The Lawrence Welk Show was “Wunnerful !”

Hollywood is about to release the latest film version of “The Time Machine.” Perhaps it came to the Houston area early in the guise of  “The Lawrence Welk Show,” which arrived this past week at the Verizon Wireless Theater in Bayou Place. Conducted by John Baylor, (husband of one of the famed Lennon Sisters,  Janet Lennon) the show’s national tour is a popular favorite on “the Blue Hair Circuit.” The crowd at this performance was full of old-timers like Montgomery County’s own Bob Tabor, eager to hear the great Big Band sounds of a bygone era. The nicely dressed audience — some with wheel chairs and oxygen tanks—would not be disappointed. Many of the fans were devoted followers of the late Mr. Welk’s weekly television show. Even in Welk’s absence, the program continues as Public Broadcasting’s most widely syndicated television show on more than 120 stations nationwide. (Houston’s channel 8 on Saturday’s at 5 p.m.)

With Baylor at the helm, the fine 12-piece orchestra (dressed in sharp red blazers) began with Welk’s familiar opening theme, accompanied by the bubble machine that always highlighted the band’s signature “Champagne Music.” Sound levels were excellent, and never competed with the vocalists. With joyous enthusiasm they performed such numbers as “Say It With Music,” “Mexican Cab Driver,” and a terrific Overture to Act II of the show.

Featured performers from the original program came onstage with a rousing “That’s Entertainment.” They included:

  • Ralna English– who looked more beautiful than ever, wore stunning outfits, and sang superbly, even without her former husband and singing partner, Guy Hovis. Wearing glamorous scarlet chiffon and sparkling jewels, she wowed the crowd with hits like “Green Eyes” and “Tangerine,” while adding some gentle Latin-style choreography. With “Wind Beneath My Wings,” she demonstrated an impressive vocal range with glorious high notes. Her smooth and touching “I’ll Be Seeing You” brought tears to my eyes.  (The song has always reminded me of my late father.)
  • Ava Barber– the good-humored Welk “country gal,” who opened with a fun-filled “Y’all Come.” A glittering (and ill-fitting) black velvet blouse did not prevent her from singing better than ever with songs like “Cry.” Her wardrobe improves when she sings “Gone At Last” in black tights and a shimmering, multi-colored shirt that Judy Garland would have loved. Then, in an elegant, flowered purple jacket and chic black cowboy boots, she offered a foot stomping “Rose of San Antone,”.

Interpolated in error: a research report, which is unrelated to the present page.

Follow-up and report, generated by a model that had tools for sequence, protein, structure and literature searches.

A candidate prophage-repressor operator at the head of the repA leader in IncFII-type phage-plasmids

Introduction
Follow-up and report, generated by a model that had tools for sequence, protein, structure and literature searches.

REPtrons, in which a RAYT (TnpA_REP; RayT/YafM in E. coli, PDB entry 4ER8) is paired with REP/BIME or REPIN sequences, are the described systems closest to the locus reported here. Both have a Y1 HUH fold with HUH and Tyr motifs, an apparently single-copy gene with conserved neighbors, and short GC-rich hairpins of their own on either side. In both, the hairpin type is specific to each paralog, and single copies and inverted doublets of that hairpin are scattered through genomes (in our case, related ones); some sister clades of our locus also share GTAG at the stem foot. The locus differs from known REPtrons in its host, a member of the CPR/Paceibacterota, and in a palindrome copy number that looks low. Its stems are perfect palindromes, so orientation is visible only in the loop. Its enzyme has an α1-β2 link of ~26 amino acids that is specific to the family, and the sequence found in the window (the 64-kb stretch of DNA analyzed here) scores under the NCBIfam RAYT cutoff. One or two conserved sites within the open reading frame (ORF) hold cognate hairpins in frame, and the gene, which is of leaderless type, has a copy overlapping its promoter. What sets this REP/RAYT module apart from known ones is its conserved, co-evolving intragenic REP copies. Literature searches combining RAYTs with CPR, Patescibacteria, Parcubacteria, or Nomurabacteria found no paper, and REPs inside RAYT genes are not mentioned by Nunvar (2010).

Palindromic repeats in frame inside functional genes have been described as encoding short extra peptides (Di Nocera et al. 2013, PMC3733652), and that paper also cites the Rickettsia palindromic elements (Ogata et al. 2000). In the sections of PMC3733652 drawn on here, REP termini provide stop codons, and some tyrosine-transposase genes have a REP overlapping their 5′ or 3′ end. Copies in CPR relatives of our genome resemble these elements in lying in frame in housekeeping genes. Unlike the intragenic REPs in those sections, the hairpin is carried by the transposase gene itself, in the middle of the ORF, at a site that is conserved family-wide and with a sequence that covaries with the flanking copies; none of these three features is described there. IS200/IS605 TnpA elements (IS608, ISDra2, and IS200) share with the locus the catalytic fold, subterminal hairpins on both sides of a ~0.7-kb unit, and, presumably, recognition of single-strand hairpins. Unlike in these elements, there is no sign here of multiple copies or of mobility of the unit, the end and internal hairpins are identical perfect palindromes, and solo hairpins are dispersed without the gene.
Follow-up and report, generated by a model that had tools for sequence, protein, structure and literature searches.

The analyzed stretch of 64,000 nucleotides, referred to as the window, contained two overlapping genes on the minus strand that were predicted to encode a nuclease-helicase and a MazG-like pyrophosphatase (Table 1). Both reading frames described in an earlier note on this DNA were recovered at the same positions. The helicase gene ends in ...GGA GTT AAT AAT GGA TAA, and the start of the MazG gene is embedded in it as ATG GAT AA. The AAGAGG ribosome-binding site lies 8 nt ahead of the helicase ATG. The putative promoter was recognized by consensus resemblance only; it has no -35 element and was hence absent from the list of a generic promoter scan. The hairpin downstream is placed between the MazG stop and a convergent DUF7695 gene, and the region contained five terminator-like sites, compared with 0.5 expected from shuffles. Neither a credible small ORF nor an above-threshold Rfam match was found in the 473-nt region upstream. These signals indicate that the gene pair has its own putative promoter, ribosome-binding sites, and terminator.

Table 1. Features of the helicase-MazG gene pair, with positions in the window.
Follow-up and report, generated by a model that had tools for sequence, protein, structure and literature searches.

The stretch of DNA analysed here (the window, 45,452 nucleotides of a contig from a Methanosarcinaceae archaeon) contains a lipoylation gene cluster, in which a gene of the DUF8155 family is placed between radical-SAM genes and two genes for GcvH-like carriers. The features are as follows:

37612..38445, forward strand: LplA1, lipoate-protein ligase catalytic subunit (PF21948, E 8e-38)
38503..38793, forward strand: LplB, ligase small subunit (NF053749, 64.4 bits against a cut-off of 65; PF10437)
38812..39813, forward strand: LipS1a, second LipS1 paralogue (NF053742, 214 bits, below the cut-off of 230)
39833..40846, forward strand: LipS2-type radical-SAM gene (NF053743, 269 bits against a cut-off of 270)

• Henry Cuesta– showed dazzling control and virtuosity on his clarinet during numbers like “New Orleans,” “Closer Walk With Thee,” and flawless renditions of Benny Goodman’s “Sing! Sing! Sing!” and Artie Shaw’s “Begin the Beguine.”
  • Jack Imel– offered still more extraordinary virtuosity while singing, drumming, tap dancing and performing on marimba. His “Lover” was superb, and he took flight in the drum segment for “Sing! Sing! Sing!” But perhaps the highlight of the night was Imel’s extended tour de force tap dancing, while at the same time performing “Bye Bye Blues” on marimba. If Mr. Imel is not 80 he must be close. It was astonishing to see the energy, skill and hilarious comic timing of this near octogenarian! He stole the show, and the audience roared approval with several standing ovations. When the near breathless Imel quipped, “This is the part where I kill myself,” one could not help but worry. But before you could bat an eye, he returned to sing the poignant “Old Bones,” bringing sweet sincerity to lines like “I love life, I’d like to do it again!”
  • Mary Lou Metzger– also looking and sounding better than ever, joined Imel to sing and dance “You’ve Gotta Have Heart.” In a pretty white dress with puff sleeves and rhinestones, she brings the youthfulness of a college cheerleader to “Everything Old is New Again,” “Oh, Johnny!” and “Ma, He’s Makin’ Eyes at Me.”

Other show highlights included the handsome and brilliant young accordionist, Tim Padilla. Recently acquired by the band to replace the famed Myron Floren, Padilla showed his breezy brilliance in a “Dizzy Fingers” that was technically and artistically wonderful. His “Beer Barrel Polka” was no less impressive. Joining the boyish Padilla for the “Waltz of the Flowers” was the group’s Russian Adagio dance team of Pasha and Ilona. In elegant Russian costumes, the couple gave a twirling performance of “Pennsylvania Polka” that looked as though it could win Olympic gold.

Led by Miss English, the full ensemble performed “God Bless America” in memory of the events of September 11th. It was a touching conclusion to a show that touched the hearts of many. One could almost feel Mr. Welk’s presence in the room.

(The Courier    3.3.02)

Ralna English Review

About The People's Critic

David Dow Bentley III, writes columns about the performing arts which are featured in newspapers from the East Coast to the Gulf Coast. A member of the American Theatre Critics Association (ATCA), The International Theatre Critics Association, and America's oldest theatrical club, The Lambs, he also had long service as the editor of The Lambs' Script magazine. Mr. Bentley may be contacted via e-mail at
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